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Why Strain to See?

By Kathy Yates

I had been seeing Elizabeth for about a year. She had had a history of eye maladies—iritis (inflammation), cataract, and astigmatism. After getting a second opinion on her cataract, she opted for surgery. She was feeling very anxious about the surgery and this only added to the strain that she was already feeling in her neck, jaw, shoulders, and eyes.

One of the most valuable sessions for Elizabeth was just after her surgery. At this point she was still very stressed (now, about the outcome of her surgery). We began by working with her shoulders, ribs, spine and pelvis to help her feel herself lying more comfortably and to enable her to breathe more fully, thus reducing some of the stress. Once she was feeling more settled we began to review some of the eye work we had done previous to her surgery.

We proceeded with some convergence/divergence or moving from tight focus to a wide-angle gaze. An example which always comes to mind is from the film “Once Upon a Time in the West,” where director Sergio Leone closed in on the cheek of one cowboy’s face to show a fly sitting near his eye (convergence) then zoomed out to reveal the cowboy in his long duster standing on the platform of the train station in a deserted Midwest town (divergence).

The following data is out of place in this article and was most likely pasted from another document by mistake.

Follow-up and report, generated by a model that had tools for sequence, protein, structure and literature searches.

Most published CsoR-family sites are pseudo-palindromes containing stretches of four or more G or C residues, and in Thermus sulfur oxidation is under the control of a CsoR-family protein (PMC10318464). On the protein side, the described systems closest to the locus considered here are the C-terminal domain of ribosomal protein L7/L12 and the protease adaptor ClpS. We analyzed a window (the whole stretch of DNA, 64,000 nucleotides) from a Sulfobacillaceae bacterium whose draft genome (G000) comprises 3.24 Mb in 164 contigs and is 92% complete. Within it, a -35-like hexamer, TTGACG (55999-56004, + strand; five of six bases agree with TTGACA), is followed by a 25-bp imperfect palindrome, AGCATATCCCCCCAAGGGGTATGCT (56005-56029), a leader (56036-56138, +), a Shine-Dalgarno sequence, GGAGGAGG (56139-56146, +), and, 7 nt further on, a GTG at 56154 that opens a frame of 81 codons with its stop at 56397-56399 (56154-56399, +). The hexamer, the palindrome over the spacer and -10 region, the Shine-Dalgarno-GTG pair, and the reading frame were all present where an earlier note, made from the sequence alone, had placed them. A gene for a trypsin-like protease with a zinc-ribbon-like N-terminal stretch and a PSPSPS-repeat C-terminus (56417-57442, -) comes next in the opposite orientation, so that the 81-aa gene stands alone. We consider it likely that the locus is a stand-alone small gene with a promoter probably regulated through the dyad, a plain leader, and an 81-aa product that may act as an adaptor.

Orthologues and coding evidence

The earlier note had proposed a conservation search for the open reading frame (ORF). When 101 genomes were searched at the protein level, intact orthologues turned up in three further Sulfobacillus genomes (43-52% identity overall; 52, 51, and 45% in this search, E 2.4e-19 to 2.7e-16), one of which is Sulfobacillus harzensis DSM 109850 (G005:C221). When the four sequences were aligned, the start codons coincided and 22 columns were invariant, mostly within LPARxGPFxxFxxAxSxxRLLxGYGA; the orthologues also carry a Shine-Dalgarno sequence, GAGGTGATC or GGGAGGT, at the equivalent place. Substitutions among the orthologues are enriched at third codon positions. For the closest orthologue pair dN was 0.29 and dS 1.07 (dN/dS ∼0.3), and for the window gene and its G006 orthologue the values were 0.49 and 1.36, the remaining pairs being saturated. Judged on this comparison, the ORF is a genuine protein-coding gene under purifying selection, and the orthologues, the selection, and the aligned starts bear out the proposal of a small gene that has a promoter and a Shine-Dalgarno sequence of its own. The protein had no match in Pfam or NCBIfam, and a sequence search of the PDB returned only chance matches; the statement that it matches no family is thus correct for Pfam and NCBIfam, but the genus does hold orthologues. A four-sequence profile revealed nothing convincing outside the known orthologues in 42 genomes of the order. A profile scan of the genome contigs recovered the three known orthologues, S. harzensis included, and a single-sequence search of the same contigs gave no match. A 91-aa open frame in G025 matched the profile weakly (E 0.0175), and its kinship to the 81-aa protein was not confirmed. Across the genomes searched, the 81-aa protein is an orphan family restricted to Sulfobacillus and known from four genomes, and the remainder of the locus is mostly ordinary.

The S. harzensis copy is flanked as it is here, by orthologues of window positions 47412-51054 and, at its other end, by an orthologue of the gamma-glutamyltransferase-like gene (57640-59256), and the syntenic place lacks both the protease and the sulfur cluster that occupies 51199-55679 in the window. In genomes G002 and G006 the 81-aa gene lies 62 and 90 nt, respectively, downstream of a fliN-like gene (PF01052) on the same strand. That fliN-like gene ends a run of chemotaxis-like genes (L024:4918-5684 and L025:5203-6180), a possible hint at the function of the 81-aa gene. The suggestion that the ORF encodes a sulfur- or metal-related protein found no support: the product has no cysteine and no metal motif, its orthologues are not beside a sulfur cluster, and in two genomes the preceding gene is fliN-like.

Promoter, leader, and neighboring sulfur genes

Our eyes, when healthy, are like a very sophisticated camera refocusing instantaneously in response to our intentions. Elizabeth was also dealing with an astigmatism (a blind spot that moved around) and she had been straining to see around it. When straining to see, we can become “stuck” in a tight focus type of gaze. This can be very tiring and the strain can spread to other parts of ourselves. By becoming aware of how she was using her eyes she could choose how she wanted to use them, rather than being stuck in a habitual way of seeing that would cause more strain and fatigue.

Once Elizabeth felt her eyes settling back in her head, she also felt the tightness in her neck, jaw and shoulders decrease. This was a great relief to her and she continued this practice, as well as a few other movements, on her own while she was recuperating. Looking back, Elizabeth felt our work together helped speed her recovery because her stress and strain was greatly reduced.

She was thrilled with the discovery that changing how she used her eyes could reduce the strain not only in her eyes, but could also have a profound effect in her neck, jaw and shoulders. She was now free to go through her daily tasks without becoming fatigued by the strain.

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